He underwent a neuronavigation-guided transnasal sphenoidotomy and microscope-assisted drainage of the mucocele. At surgery, light yellowish mucoid fluid was drained. On the first post operative day, there was perception of hand movement in the left temporal visual field and afferent pupillary response recovered. Post-operative cranial MRI showed minimal residual collection in the sphenoid sinus (Figure 7).

Histology of tissue specimen revealed polypoid tissue lined by respiratory epithelium with mucosal gland proliferation in a mucoid oedematous and congested stroma. Microscopy, culture and sensitivity of intra-operative mucoid fluid yielded no bacterial growth. An acid fast bacillus was not detected. Visual evoked potential on the 7th post operative day showed bilateral retino-optic pathway disorder. He was discharged on the 8th post operative day on oral antibiotics and steroids for four weeks.

Results         

 

His visual recovery was slow probably due to compression of the optic chiasm and the optic nerves. The bilateral retino-optic pathway disorder on visual evoked potential evaluation is of poor prognostic significance.

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Discussion

 

Blindness in sphenoid sinus mucocele could be sudden or insidious with antecedent headache [4,7]. Sphenoid sinus mucocele could present with nasal complaint [5,8]. However, absence of nasal complaint does not preclude it [9] as in our index patient.

The clinical manifestations are essentially a reflection of the degree and duration of compression or stretching of soft tissue structures surrounding the sphenoid sinus. Therefore, it could present with diplopia, proptosis, Horner’s syndrome, multiple cranial nerve palsies and pituitary dysfunction [4].

Cranial neuropathies are features in as many as 50% of cases [10]. The cranial nerves involved are II through VI [1]. Oculomotor, abducens, and optic nerves are the commonly involved nerves [11,12]. Involvement of the oculomotor, trochlear and abducens nerves leads to ophthamoplegia. Involvement of the optic nerve leads to blindness as in our index patient. Facial numbness could be a presenting feature in involvement of first and second branches of the trigeminal nerve.

In our patient, there was subclinical secondary bacterial infection as evidenced by the elevated levels of c-reactive proteins and white blood cell count. However, microscopy and culture of intraoperative mucoid effluent yielded no bacterial organism probably due to sterilization by the administered parenteral broad spectrum antibiotics.

Brain CT scan is the imaging modality of choice for defining the extent of the lesion [13]. It also assists in surgical planning. There are three criteria for CT diagnosis of a mucocele: homogenous isodense mass, clearly defined margin and patchy osteolysis around the mass [14].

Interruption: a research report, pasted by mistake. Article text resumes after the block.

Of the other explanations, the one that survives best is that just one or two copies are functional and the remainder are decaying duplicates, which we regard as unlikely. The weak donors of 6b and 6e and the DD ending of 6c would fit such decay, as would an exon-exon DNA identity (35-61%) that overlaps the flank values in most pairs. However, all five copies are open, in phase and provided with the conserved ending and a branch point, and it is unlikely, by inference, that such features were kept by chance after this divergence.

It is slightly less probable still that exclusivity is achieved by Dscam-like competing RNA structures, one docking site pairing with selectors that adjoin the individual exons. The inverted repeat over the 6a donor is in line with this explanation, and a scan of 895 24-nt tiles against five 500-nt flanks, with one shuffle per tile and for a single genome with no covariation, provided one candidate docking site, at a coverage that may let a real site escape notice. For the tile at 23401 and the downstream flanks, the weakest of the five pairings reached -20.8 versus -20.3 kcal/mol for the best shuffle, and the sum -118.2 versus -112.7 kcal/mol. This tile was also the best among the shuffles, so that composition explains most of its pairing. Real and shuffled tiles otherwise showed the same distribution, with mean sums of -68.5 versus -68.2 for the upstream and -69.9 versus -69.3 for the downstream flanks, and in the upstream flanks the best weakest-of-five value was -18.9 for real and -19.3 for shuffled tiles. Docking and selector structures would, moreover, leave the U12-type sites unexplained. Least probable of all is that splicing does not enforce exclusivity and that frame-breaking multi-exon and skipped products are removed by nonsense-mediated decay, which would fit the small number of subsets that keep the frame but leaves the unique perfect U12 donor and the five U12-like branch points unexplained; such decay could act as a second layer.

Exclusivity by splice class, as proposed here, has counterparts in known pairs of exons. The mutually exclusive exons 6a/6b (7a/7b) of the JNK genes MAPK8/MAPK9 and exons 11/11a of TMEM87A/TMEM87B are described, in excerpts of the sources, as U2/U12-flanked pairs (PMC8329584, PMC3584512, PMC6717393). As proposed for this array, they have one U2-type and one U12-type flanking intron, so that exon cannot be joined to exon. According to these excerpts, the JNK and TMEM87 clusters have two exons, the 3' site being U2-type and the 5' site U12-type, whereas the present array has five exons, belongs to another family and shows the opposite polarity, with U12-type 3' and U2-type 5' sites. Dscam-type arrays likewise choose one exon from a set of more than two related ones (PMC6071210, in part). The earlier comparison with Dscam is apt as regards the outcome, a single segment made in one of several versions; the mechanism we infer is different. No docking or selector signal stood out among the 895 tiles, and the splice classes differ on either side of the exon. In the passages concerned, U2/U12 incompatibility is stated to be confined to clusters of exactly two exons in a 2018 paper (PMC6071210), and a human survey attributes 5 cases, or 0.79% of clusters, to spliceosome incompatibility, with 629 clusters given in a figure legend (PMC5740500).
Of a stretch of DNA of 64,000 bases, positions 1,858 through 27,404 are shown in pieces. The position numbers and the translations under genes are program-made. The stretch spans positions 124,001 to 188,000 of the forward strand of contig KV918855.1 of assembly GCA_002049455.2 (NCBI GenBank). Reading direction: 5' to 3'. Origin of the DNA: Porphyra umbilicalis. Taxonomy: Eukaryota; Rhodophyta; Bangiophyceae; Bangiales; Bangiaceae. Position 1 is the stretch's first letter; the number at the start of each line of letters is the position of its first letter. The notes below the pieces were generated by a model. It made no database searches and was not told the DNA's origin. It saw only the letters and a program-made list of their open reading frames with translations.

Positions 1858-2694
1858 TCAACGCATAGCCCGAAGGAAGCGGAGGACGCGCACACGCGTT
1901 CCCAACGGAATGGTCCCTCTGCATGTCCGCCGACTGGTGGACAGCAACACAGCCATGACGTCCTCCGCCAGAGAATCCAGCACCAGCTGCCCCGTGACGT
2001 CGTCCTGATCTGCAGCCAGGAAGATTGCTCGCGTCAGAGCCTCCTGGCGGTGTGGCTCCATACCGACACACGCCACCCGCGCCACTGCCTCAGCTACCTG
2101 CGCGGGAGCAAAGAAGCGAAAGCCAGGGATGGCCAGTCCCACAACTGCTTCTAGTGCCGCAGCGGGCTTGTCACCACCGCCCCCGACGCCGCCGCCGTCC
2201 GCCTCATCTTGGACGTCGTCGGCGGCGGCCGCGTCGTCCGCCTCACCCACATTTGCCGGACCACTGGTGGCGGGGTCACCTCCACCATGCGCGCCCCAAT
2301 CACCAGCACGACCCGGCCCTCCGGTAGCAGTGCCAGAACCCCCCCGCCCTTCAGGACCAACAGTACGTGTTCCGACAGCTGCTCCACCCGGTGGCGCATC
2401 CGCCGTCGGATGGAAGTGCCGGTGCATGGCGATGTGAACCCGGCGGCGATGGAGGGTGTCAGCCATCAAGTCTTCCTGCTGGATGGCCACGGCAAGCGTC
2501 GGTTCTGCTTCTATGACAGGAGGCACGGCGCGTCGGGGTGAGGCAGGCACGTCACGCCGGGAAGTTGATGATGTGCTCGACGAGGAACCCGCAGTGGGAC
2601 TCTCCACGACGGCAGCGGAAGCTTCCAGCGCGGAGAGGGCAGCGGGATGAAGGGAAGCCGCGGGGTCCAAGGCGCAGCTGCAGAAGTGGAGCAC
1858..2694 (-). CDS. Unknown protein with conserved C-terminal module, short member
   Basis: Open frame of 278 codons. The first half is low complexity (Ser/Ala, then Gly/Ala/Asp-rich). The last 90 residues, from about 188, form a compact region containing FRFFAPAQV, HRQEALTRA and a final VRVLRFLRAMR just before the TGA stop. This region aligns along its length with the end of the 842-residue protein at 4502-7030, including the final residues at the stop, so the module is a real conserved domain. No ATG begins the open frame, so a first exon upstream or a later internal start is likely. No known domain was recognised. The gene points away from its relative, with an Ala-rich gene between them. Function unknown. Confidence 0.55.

Brain MRI, on the other hand, can equally delineate the lesion in relation to the surrounding soft tissues. The MRI findings in mucocele are variable. They depend on water and protein contents. On T1-weighted MRI, high water content shows hypointensity and high protein content shows hyperintensity. On the other hand, on T2-weighted MRI, high water content shows hyperintensity and high protein content shows hypointensity. Two basic MR appearances were encountered: either moderate to marked signal hypointensity in the expanded sinuses on T1- and T2- weighted images or moderate to marked signal hyperintensity on T1- and T2- images [15]. MR contrast enhancement, if present, is usually peripheral. Low signal could be seen in both T1 and T2 in superimposed fungal infections [16].

Typically, most mucoceles tend to be fairly bright on TI-weighted images compared to the brain and iso-hyperintense on T2-weighted images. It is a pathognomonic MRI finding for mucocele [14]. Inspissated proteinaceous content could be signal void on MRI but hyperdense on CT scan. Therefore, CT scan and MRI are complementary in complicated cases [17].

Transnasal approach is the surgical approach of choice [2,5]. It could be navigation guided, endoscopic or microscopic. The use of Caldwell-Luc approach through the maxillary sinus has been described [18]. Prognosis for recovery of vision is poor if the onset of visual loss is sudden or if the visual acuity is no perception of light preoperatively [19].

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Conclusion

 

Blindness caused by sphenoid sinus mucocele is rare. It is preventable and redeemable. High index of clinical suspicion, early diagnosis, and prompt surgical treatment can improve outcome.

References

 

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Copyright: © 2017 Tripathy LN, et al. This is an open access article distributed under the Creative Commons Attribution License, which permits unrestricted use, distribution, and reproduction in any medium, provided the original work is properly cited.